Hannah Waterman King Arnold’s Grave
On August 15, 1759, Hannah Waterman King Arnold died at the age of 51 due to a mysterious illness and some claim a broken heart. Mother and son supported each other during difficult times so with a heavy heart, Benedict organized her funeral arrangements and watched as his long-suffering mother was laid in her grave. Benedict was now responsible for his sickly father and his younger sister, Hannah, while still apprenticing with the Lathrop brothers. The epitaph on her grave, written by her son, shows that Hannah is remembered as being a woman of “piety, patience, and virtue.” Captain Arnold’s alcoholism worsened with his wife’s death and the once respected town leader was arrested for public intoxication and threatened with excommunication.
After their father’s death in 1761, Hannah continued to live in the Arnold homestead while her brother traveled to New Haven on business for the Lathrops from 1762 to 1764. Hannah was “pleasing in person, witty and affable” and she began receiving the special attentions of a Frenchman. Benedict disapproved of the relationship so Hannah and the Frenchman met secretly while Benedict was away. According to Francis Caulkins, Benedict came home unexpectedly one night and saw the two lovers illuminated in the parlor. Benedict positioned himself in front of the house and instructed his companion to beat the door as if to break it down. The panicked Frenchman escaped out the window and Benedict aimed his gun and fired at the retreating figure. Benedict missed his mark because it was so dark, but needless to say, the Frenchman never called on the Arnold home again. Hannah never married and remained devoted to her brother, helping manage his family and business all her life. Later, Arnold and the Frenchman met again in the Bay of Honduras. The pair dueled and the Frenchman was wounded.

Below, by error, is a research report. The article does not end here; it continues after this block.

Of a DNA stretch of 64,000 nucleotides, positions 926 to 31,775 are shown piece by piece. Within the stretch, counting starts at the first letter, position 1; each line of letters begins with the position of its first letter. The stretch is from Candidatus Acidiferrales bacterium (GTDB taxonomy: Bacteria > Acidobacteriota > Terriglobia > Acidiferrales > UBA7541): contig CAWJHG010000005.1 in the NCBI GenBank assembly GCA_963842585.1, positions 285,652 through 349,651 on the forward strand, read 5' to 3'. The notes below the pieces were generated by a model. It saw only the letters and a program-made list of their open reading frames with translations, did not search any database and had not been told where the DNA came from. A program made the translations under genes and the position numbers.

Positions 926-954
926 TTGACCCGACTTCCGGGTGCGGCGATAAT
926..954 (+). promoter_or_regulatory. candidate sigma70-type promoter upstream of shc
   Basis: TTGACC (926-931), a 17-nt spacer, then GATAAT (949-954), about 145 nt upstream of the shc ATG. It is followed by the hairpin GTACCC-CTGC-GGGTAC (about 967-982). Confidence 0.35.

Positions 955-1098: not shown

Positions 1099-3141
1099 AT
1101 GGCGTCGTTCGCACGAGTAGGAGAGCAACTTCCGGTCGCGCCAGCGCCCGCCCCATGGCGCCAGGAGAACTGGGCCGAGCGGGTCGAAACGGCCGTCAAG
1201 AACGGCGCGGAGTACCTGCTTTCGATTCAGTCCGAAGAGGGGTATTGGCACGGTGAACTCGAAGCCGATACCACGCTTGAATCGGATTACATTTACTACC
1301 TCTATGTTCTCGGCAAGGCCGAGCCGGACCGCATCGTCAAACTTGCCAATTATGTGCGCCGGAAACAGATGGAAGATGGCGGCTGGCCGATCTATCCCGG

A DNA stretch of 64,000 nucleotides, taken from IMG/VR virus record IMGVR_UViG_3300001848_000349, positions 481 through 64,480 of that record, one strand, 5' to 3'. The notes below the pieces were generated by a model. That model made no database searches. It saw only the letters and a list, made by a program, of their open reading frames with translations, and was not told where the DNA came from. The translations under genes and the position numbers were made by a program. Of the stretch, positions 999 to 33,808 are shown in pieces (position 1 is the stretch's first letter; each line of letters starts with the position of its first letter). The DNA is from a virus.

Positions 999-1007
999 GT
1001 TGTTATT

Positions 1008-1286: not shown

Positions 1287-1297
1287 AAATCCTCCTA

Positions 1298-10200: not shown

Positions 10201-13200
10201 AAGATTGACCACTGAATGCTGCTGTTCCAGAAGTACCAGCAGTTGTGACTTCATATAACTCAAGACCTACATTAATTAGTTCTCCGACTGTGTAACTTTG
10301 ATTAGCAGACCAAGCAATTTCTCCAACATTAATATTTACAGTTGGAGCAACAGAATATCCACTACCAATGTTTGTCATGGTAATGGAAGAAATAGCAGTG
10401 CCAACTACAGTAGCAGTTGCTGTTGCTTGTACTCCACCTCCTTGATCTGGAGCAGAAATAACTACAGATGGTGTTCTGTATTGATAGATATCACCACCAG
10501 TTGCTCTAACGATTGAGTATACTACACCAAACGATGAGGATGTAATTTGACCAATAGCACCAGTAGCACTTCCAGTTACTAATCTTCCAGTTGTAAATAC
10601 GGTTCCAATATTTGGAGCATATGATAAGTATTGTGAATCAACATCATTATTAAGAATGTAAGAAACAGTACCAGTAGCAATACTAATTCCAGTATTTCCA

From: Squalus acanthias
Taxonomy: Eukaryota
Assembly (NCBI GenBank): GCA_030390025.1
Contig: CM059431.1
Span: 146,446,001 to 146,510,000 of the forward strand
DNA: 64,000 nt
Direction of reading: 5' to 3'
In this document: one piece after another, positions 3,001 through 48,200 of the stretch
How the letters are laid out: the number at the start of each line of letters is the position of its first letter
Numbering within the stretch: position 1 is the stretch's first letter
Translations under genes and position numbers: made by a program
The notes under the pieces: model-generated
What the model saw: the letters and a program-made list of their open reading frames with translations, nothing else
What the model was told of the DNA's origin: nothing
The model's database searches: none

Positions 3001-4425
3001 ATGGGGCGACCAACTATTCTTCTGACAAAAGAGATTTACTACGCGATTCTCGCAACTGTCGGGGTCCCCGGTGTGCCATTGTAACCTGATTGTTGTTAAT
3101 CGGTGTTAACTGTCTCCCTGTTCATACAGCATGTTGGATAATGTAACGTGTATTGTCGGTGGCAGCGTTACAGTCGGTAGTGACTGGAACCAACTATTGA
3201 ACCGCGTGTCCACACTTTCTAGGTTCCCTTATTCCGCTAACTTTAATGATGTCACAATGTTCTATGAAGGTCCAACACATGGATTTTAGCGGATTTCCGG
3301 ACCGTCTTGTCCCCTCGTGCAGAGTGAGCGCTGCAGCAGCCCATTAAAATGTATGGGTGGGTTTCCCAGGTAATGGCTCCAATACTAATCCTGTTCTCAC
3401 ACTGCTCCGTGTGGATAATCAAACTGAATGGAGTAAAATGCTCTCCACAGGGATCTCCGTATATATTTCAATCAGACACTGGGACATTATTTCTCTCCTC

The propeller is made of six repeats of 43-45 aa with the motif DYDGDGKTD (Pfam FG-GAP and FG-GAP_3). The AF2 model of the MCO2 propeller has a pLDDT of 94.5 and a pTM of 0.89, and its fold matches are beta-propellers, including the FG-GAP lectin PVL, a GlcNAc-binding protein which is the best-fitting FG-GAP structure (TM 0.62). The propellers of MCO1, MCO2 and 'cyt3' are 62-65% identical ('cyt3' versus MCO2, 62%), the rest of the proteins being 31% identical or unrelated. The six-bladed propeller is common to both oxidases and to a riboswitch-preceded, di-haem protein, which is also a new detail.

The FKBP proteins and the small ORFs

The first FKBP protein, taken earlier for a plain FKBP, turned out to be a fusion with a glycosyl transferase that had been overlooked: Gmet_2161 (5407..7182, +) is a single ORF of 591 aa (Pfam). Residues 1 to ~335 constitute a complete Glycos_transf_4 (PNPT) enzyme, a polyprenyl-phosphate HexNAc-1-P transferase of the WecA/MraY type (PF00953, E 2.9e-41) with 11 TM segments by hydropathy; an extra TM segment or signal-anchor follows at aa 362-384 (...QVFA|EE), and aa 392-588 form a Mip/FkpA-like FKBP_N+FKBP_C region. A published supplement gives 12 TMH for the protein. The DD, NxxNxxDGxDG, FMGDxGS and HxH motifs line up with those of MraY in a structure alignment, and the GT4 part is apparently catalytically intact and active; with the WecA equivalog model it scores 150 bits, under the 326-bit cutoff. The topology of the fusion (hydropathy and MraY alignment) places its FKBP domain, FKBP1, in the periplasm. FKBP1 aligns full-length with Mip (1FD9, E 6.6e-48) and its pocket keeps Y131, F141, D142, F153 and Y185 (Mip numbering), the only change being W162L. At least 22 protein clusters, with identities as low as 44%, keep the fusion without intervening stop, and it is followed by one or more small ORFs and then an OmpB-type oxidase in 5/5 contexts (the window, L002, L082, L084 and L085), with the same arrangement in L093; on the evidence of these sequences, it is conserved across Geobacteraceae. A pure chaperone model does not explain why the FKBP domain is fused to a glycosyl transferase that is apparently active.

In the cemetery are the remains of Hannah Waterman King Arnold, Captain Arnold, the infant son Benedict, Absalom, Mary and Elizabeth. Hannah Arnold is buried in Canada. The markers of the two Benedicts were dislodged following the discovery of Benedict Arnold’s treason in 1780: allegedly, angry citizens descended on the cemetery and removed the graves named “Benedict Arnold.” The graves of Hannah, Absalom, Mary and Elizabeth still exist today. Gov. Samuel Huntington, Dr. Daniel Lathrop, Diah Manning and other prominent Norwich citizens are buried in the cemetery. Benedict Arnold is buried in St Mary’s Church, Battersea, in London with his wife Peggy and daughter Sophia.